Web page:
by Christopher Gardella
Indianapolis Colts (3-0) at New York Jets (2-1)
When Eric Mangini cleaned out his Foxboro office this past off-season, itâ€™s hard to imagine him leaving behind the Patriotsâ€™ past game plans for Peyton Manning and the Colts. Mangini, now a New York Jet, will attempt to frustrate Peyton Manning this week, much like his predecessor Bill Belichick has done in the past.
For Colts center Jeff Saturday, the similarities between the current Jetsâ€™ defense and past Patriotsâ€™ defenses are obvious. â€œTheir defense is pretty similar. They get in position where they need to be, and they play it well.”
Unlike the Patriots of the past, however, the Jets have struggled with the run, allowing 134 yards a game, ranking the unit 25th in NFL. Despite their inability to slow opposing rushers, the defensive unit has impressed Eric Mangini with their ability to cause turnovers in big spots.
Safety Kerry Rhodes has been causing headaches for offenses all year. Last week against the Bills, Rhodes had a team high 12 tackles, with two sacks and two forced fumbles. His performance was good enough to earn him Defensive Player of the Week as well as the praise of head coach Eric Mangini.
â€œI think heâ€™s really starting to develop some positive leadership skills in the secondary,â€? said Jets head coach Eric Mangini. â€œYou can see it in his preparation during the week and that keen maturity. He has done a good job trying to improve his technique. All that is positive and heâ€™s made some big plays here in the last few weeks.â€?
If the Jets are to stop Peyton Manning and the Colts, theyâ€™ll need more than Kerry Rhodes to come up with big plays. The entire unit will have to show up and win the turnover battle. Not an easy task, but certainly not an impossible one considering Manginiâ€™s past success against Manning.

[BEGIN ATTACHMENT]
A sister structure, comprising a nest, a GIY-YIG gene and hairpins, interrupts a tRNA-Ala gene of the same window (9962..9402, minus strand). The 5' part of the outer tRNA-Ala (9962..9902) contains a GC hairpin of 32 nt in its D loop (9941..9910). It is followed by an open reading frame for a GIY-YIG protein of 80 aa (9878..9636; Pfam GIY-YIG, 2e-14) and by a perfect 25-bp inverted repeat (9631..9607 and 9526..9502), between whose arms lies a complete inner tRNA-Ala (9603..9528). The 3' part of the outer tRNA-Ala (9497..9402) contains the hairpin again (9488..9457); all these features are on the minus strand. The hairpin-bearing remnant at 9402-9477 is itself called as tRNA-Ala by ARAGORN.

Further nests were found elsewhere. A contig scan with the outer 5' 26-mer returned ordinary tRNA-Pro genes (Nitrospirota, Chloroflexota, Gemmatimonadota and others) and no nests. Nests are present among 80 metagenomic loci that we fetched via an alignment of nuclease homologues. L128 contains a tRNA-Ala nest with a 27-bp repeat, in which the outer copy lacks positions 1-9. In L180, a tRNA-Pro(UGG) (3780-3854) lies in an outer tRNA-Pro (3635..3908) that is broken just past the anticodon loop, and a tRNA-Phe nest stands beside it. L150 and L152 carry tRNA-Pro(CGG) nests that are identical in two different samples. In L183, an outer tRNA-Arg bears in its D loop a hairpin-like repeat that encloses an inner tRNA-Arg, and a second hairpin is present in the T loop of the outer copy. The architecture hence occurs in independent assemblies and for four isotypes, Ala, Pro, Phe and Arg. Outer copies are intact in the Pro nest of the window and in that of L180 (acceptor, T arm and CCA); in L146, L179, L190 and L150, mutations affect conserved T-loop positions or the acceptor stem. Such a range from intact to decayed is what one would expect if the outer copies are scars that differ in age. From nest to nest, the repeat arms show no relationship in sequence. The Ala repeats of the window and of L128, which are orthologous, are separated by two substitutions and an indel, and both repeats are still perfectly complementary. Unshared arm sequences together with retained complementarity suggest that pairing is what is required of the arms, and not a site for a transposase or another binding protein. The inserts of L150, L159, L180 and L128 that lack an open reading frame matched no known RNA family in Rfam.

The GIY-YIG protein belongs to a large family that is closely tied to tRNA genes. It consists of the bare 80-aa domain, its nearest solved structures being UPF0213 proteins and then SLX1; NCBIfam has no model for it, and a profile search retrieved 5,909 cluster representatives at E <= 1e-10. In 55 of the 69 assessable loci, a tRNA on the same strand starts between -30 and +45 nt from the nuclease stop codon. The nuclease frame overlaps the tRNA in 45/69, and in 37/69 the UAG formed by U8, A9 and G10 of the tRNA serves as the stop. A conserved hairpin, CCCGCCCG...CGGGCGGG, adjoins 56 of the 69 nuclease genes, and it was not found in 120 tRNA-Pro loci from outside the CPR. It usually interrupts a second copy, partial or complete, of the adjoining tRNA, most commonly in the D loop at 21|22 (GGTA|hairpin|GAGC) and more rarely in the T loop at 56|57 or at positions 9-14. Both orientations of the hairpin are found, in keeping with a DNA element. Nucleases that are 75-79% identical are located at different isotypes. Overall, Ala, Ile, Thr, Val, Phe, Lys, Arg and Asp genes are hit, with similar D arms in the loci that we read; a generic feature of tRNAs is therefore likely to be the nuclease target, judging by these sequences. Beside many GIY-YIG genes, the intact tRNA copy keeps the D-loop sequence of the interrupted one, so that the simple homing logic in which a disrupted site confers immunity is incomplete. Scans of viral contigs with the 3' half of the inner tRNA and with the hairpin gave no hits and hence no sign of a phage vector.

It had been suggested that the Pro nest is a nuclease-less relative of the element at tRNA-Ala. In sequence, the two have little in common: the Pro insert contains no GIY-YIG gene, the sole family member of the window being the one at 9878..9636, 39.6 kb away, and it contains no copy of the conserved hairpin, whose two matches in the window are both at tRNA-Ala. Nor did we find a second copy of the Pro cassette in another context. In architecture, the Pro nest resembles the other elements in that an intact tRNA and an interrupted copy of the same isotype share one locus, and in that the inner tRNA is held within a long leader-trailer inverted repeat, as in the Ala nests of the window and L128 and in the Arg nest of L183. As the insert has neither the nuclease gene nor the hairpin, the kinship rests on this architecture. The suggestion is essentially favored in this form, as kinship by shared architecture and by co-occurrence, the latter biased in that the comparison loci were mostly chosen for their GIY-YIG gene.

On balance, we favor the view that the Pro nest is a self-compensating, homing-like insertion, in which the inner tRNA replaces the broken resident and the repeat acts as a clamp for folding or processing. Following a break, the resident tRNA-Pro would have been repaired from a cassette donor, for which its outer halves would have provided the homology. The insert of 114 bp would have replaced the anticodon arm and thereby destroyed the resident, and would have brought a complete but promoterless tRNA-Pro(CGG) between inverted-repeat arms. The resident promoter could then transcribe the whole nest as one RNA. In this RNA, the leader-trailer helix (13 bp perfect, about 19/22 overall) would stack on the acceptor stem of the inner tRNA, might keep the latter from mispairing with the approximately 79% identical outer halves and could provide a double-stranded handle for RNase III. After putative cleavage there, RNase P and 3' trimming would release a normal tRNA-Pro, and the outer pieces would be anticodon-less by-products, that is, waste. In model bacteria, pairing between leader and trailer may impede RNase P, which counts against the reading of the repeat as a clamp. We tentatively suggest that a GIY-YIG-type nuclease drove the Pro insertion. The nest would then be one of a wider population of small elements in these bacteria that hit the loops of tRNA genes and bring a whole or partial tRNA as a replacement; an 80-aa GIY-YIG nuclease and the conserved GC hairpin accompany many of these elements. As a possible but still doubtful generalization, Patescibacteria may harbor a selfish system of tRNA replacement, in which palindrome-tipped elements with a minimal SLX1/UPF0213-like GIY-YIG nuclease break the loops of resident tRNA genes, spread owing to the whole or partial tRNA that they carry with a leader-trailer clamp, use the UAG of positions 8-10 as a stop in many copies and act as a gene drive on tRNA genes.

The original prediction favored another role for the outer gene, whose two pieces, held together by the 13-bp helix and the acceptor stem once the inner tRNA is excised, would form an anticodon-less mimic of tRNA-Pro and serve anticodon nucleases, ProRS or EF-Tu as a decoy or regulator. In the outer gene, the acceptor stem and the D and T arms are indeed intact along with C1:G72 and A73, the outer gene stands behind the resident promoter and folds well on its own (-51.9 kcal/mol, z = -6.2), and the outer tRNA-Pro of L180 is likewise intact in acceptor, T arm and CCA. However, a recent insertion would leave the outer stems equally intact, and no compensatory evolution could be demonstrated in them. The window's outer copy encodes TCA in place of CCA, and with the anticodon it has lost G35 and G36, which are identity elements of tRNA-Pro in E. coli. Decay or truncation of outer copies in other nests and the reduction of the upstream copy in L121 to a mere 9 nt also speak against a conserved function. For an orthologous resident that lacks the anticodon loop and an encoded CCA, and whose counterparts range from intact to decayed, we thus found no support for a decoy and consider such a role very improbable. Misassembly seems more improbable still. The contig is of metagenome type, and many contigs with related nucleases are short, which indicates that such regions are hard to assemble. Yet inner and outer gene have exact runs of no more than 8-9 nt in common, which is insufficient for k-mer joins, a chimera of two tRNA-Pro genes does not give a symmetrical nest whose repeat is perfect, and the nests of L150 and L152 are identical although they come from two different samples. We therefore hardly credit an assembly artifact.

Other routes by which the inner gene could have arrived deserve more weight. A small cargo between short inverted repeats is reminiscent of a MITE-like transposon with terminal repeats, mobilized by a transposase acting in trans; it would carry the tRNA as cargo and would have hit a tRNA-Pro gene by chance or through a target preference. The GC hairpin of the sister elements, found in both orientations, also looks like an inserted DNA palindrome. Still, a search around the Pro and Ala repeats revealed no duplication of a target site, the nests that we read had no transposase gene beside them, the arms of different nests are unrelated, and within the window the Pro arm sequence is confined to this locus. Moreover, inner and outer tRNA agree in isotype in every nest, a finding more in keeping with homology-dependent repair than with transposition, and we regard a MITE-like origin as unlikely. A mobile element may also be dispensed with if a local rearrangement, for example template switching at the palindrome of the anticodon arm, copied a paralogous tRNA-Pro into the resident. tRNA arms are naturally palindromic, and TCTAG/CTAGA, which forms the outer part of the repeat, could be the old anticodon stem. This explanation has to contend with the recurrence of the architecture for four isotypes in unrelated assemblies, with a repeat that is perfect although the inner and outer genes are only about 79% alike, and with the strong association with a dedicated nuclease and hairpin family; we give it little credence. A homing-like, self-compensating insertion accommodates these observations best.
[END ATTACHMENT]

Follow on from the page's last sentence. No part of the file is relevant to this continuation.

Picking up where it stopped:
WHEN THE COLTS HAVE THE BALL
Despite losing Pro-Bowl running back Edgerrin James this off-season, Peyton Manning continues to lead a potent offensive attack that ranks 5th in the NFL in total yardage, and 2nd in points. Replacing James are veteran backup Dominck Rhodes and rookie Joseph Addai. Rhodes has struggled early in the 2006 campaign, averaging just 2.6 yards per carry and will split carries with rookie Joseph Addai.
The Jets defense doesnâ€™t match up well against the two north-south runners and will be vulnerable between the tackles (a recurring theme from week to week). When the Jets have employed the 3-4 base defense, they have been unable to control the line of scrimmage at the nose tackle position. The lack of production has left linebackers Jonathan Vilma and Eric Barton exposed to offense linemen, which has limited the Jetsâ€™ ability to stop the run on a consistent basis.
With a receiving corps consisting of Marvin Harrison, Reggie Wayne, and Brandon Stokely, there is no doubt that Peyton Manning will come out firing on Sunday. The Jetsâ€™ pass defense ranks 27th and must reduce the number of big plays they allow. Quarterbacks are completing less than 52 percent of their passes against the Jetsâ€™ secondary, an encouraging figure considering the lack of a pass rush the Jets have showed.